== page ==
I have been trying to figure out normal people for most of my life.  I have tried to find a basic statement to make sense of my fellow man, much like Einstein’s theory of relativity or the equation Force equals Mass multiplied by Acceleration.  The only real conclusion I have come to can be summed by Tommy Lee Jones in the first Men In Black movie when he said, “The individual is smart, but people as a group are stupid, panicky animals.”  Ever since I was a young child I have found taking my fellow humans one on one much easier and enriching than dealing with crowds, groups, or cliques.  I have always gotten along with most of my school mates and elders when working with them one on one.  Not so much when they were in large groups.  People have always seemed more civil and easy going if I could talk to them one on one or even in small groups. Sadly we seldom ever get to talk with our neighbors, extended family members, coworkers much on a one to one basis.  There are times I’ve had more in depth conversations with people from different nations over Facebook than with people in my apartment complex.  I like the digitized friends I have in some of my interests pages groups on Facebook more than I do my own neighbors.  But I didn’t have much say in who my neighbors were.

Some of my happiest memories from junior high and early high school came from the weekend ‘lock in’ parties that my school and church participated in.  We’d have movies, snacks, board games, card games, and just stay up all night and chat with the fellow school mates.  I used to get into those extremely in depth conversations with my classmates I may have not had much to do with on a regular basis during the course of a school week. I would talk with people I thought I had nothing in common with until my voice was raspy and my throat hurt. Those times made me realize that everyone else has their own problems, fears, and hangups.  We as students, or the community as a whole, may stick us in groups like jocks, nerds, cowboys, preppies, party animals, thugs, basket cases, beauty queens, conservatives, liberals, artists, rich, poor, etc.  All the window dressing and nonsense aside, people actually have far more in common with each other than we are lead to believe by our culture and leaders. One guy at these lock ins told me that he was under constant pressure from his parents to be a great athlete because his father was a great athlete years before.  Another kid told me that even though she came from a devoutly religious family she had her skepticisms and doubts.  A third kid told me even though he came from a wealthy farming family he had little interest in farming once he was done with high school but would probably do so to please his parents and grandparents. One kid told me he was envious of how smart I was and I told him I was envious of how popular and handsome he was.  Who would have ever guessed?  Another kid I was envious of because he got excellent grades, was handsome, and wasn’t lacking in confidence by any measure (not that I could tell at least) that he was envious of me because of my smarts, my not being afraid to take unpopular stands, and because of my friendship with my female best friend.  One way he put it went something like, “Neither of you has to worry about ever finding dates for the weekend.  You can always ask each other.”  Another guy told me about my female best friend, “You two go together so well you get along better than most married couples.” I may not have had a lack of dates in high school, but they were usually with the same girl and always casual.  I had far more dates in high school than college, but most my dates even in high school came before my mental illness took full effect.  But too much stress is placed of finding love and trying to get laid, especially in high school.  I miss those lock ins and opportunities to get to know my classmates on a less structured and formal basis.  It’s about the only thing I miss about junior high, but I definitely would love opportunities to get to know my neighbors better.  Perhaps we in the modern world suffer from too much structure and formality.  Maybe that is why we are more irritable and short tempered than we should be.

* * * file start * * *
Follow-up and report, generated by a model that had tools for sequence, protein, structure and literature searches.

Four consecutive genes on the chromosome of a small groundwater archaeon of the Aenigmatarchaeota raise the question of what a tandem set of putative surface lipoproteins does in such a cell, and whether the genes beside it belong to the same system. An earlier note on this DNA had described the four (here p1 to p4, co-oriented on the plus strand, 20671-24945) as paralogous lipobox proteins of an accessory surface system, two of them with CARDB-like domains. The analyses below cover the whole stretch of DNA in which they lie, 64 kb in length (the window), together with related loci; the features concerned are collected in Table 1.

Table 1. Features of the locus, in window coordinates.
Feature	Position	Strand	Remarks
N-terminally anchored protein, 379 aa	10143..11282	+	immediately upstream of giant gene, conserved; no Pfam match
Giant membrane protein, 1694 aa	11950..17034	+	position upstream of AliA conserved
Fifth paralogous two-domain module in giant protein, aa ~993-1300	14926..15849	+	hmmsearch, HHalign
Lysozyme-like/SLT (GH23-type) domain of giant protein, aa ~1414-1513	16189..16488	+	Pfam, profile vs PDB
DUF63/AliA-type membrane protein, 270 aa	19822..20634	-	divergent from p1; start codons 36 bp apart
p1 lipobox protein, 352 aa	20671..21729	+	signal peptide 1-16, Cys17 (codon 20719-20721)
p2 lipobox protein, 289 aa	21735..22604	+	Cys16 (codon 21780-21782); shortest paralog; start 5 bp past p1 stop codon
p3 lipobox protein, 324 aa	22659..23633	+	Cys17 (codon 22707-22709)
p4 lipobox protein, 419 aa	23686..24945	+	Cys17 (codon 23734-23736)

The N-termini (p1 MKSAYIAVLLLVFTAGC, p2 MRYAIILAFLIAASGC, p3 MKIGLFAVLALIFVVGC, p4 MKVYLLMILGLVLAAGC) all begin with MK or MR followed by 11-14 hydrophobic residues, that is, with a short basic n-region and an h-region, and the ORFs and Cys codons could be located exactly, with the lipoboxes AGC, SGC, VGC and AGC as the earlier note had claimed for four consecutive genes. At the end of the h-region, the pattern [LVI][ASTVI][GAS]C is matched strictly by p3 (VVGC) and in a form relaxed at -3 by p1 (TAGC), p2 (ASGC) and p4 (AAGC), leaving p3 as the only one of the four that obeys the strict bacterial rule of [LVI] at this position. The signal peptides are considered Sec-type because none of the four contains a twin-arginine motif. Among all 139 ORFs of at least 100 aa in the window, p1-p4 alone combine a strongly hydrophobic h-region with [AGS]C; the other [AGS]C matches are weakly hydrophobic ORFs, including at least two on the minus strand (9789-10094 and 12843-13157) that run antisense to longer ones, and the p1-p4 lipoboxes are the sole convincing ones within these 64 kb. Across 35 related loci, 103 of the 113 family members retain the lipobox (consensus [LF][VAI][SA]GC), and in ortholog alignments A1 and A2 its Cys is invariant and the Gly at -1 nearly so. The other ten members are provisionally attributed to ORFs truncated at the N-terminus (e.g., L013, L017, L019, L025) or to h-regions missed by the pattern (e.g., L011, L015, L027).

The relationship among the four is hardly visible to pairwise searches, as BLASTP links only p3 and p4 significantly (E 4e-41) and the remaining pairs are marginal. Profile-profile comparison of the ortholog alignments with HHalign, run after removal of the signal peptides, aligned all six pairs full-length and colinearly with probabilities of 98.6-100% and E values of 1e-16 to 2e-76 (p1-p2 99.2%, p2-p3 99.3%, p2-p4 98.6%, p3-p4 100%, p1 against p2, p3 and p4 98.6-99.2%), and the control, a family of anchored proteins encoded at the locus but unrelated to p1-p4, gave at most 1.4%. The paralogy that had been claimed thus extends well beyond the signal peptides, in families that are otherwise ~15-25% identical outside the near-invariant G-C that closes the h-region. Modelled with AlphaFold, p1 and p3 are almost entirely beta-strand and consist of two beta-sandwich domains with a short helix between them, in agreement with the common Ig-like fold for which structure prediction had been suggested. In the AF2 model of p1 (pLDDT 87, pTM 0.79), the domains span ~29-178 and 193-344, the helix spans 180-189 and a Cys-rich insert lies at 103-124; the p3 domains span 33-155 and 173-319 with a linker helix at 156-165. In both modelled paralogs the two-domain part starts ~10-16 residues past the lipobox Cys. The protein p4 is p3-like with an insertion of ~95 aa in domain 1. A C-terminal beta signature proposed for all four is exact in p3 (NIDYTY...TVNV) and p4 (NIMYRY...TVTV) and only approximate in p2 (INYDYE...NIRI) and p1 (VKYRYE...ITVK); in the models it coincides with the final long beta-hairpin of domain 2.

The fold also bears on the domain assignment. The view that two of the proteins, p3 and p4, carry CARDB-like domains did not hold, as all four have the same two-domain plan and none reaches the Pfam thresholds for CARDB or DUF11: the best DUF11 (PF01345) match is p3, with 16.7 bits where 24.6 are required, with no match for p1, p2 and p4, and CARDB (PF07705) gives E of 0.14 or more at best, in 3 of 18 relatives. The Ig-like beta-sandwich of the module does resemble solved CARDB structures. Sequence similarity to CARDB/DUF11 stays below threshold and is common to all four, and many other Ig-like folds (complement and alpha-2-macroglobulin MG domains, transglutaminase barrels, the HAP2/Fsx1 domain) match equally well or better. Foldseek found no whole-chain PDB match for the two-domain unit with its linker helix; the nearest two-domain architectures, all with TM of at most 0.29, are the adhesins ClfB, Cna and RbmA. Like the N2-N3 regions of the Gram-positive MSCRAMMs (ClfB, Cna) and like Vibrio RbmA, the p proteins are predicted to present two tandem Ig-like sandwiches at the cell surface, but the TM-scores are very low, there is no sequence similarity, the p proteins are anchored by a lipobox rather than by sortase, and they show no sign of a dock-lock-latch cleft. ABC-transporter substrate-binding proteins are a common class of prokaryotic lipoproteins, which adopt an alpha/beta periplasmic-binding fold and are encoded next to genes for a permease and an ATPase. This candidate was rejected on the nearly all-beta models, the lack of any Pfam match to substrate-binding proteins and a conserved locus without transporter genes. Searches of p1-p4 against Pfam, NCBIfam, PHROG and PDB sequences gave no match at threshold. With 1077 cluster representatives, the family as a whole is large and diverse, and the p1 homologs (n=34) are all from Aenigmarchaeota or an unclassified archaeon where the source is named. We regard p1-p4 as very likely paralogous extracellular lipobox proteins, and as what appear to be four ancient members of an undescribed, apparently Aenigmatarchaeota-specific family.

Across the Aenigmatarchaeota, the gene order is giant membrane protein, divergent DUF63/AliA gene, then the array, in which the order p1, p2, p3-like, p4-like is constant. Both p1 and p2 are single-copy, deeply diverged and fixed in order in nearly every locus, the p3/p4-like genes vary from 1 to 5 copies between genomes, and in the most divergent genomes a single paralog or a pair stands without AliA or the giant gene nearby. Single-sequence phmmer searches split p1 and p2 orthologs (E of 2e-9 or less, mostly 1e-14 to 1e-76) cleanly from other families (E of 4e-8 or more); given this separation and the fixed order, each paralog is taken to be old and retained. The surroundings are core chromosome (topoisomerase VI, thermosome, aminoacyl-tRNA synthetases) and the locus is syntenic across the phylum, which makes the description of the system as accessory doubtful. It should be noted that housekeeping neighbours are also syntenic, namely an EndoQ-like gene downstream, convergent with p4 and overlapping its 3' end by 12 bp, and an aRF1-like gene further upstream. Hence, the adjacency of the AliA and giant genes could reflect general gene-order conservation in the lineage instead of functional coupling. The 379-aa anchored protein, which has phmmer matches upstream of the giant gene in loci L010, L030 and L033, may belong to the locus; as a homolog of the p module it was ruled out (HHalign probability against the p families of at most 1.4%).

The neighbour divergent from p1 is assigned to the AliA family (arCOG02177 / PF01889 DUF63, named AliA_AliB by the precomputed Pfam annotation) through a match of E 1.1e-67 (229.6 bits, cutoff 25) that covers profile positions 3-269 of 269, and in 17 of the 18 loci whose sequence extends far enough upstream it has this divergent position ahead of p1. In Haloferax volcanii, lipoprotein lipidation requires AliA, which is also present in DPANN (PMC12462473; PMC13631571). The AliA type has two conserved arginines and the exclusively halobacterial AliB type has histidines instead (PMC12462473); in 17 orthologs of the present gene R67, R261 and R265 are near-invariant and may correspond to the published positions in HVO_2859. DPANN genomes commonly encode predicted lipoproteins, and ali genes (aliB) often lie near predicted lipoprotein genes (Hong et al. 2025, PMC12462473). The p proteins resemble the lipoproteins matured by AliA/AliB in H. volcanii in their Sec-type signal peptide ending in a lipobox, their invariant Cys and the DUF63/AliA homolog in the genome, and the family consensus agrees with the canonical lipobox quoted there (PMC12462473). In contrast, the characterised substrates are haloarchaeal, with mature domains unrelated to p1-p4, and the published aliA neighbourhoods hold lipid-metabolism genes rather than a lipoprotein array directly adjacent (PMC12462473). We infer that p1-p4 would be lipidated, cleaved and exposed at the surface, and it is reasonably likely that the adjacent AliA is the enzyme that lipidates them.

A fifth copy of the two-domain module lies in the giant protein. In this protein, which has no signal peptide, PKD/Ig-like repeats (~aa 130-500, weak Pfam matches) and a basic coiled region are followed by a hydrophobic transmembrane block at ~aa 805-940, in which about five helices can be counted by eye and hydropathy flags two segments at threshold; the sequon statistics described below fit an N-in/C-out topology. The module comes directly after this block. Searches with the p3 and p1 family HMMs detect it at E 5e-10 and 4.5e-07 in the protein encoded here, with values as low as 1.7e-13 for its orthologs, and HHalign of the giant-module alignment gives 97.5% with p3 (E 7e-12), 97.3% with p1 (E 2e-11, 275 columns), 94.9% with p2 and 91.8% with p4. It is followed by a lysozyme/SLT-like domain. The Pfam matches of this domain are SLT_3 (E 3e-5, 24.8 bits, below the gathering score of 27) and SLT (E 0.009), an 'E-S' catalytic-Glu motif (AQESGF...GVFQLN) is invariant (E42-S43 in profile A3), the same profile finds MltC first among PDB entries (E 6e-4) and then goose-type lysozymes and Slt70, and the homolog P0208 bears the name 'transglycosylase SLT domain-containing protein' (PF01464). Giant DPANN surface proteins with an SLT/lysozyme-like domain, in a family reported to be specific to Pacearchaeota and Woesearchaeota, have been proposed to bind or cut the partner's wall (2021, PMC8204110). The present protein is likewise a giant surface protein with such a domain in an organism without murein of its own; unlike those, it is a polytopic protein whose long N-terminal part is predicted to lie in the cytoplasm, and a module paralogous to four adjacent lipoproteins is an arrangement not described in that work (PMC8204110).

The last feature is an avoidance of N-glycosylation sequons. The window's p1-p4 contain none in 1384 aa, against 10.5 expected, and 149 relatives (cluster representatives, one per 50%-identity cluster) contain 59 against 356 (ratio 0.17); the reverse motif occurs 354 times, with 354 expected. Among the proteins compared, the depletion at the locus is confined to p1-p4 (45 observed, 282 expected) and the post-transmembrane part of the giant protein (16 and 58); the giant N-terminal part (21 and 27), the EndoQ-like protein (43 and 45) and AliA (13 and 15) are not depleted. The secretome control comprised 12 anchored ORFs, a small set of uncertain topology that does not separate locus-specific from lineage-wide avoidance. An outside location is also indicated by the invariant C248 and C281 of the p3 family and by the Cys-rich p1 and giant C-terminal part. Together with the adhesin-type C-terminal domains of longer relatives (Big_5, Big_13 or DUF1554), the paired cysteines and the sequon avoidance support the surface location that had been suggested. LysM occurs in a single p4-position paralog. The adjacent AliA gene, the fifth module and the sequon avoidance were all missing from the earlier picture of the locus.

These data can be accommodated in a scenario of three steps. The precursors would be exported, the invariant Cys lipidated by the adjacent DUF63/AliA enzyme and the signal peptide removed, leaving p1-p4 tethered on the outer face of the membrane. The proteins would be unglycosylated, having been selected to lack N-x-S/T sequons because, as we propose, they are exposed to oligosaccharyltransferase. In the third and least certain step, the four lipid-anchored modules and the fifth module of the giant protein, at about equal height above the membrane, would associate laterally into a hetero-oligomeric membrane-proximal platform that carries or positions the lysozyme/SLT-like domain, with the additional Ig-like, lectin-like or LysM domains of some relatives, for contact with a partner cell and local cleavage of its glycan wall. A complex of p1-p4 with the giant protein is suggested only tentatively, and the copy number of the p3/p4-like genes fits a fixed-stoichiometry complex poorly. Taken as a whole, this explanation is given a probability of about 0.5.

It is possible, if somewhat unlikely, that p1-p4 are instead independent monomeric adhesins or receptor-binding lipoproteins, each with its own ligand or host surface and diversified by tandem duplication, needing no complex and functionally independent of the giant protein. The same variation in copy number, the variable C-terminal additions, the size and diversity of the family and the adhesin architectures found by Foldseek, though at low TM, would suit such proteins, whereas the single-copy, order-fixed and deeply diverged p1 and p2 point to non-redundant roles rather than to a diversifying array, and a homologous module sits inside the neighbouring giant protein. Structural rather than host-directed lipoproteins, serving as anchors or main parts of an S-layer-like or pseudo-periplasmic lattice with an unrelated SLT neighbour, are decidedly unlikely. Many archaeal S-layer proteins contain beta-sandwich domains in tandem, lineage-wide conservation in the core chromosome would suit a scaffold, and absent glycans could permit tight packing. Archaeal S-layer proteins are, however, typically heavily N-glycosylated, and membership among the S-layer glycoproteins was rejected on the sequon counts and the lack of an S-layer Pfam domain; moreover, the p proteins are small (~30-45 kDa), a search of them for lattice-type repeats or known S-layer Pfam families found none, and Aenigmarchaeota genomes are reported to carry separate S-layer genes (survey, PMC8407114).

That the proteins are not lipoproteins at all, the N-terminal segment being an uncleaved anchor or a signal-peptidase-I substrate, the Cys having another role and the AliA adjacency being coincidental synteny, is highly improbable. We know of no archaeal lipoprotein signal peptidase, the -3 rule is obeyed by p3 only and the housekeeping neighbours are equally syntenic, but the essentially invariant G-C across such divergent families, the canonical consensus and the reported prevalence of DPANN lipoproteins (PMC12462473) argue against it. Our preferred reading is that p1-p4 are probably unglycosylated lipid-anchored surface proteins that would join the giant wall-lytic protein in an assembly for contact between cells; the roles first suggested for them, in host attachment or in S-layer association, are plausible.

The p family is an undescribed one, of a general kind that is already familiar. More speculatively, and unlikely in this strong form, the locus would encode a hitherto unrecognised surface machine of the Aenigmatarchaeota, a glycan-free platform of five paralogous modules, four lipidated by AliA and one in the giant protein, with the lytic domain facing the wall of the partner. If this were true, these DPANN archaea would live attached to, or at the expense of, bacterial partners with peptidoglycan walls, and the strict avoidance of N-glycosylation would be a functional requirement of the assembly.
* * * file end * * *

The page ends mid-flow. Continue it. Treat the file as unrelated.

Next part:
Mental Illness and Friendships

Earlier this week I had one of my best friends from college spend a few days at my apartment.  We went out to eat at a couple of places I had been meaning to try.  We went to Omaha to catch a minor league baseball game, which is a fun way to spend an evening and can be done for less than $25 a person pretty easily.  We had front row seats on the first base line and the seats cost only $13.  I took him to one of the parks I go for walks in and crowd watch.  We also chatted extensively about topics near and dear to us, topics like economics, future tech possibilities, history, our fantasy league baseball teams, dating experiences, etc.  I’m going to see him again in July when I go to the Black Hills of South Dakota as I’m one of the groomsmen in his wedding.  I got remeasured for a suit and, even though the weight loss has slowed for the last couple months, I am actually down a few inches in most of my measurements.  Go figure.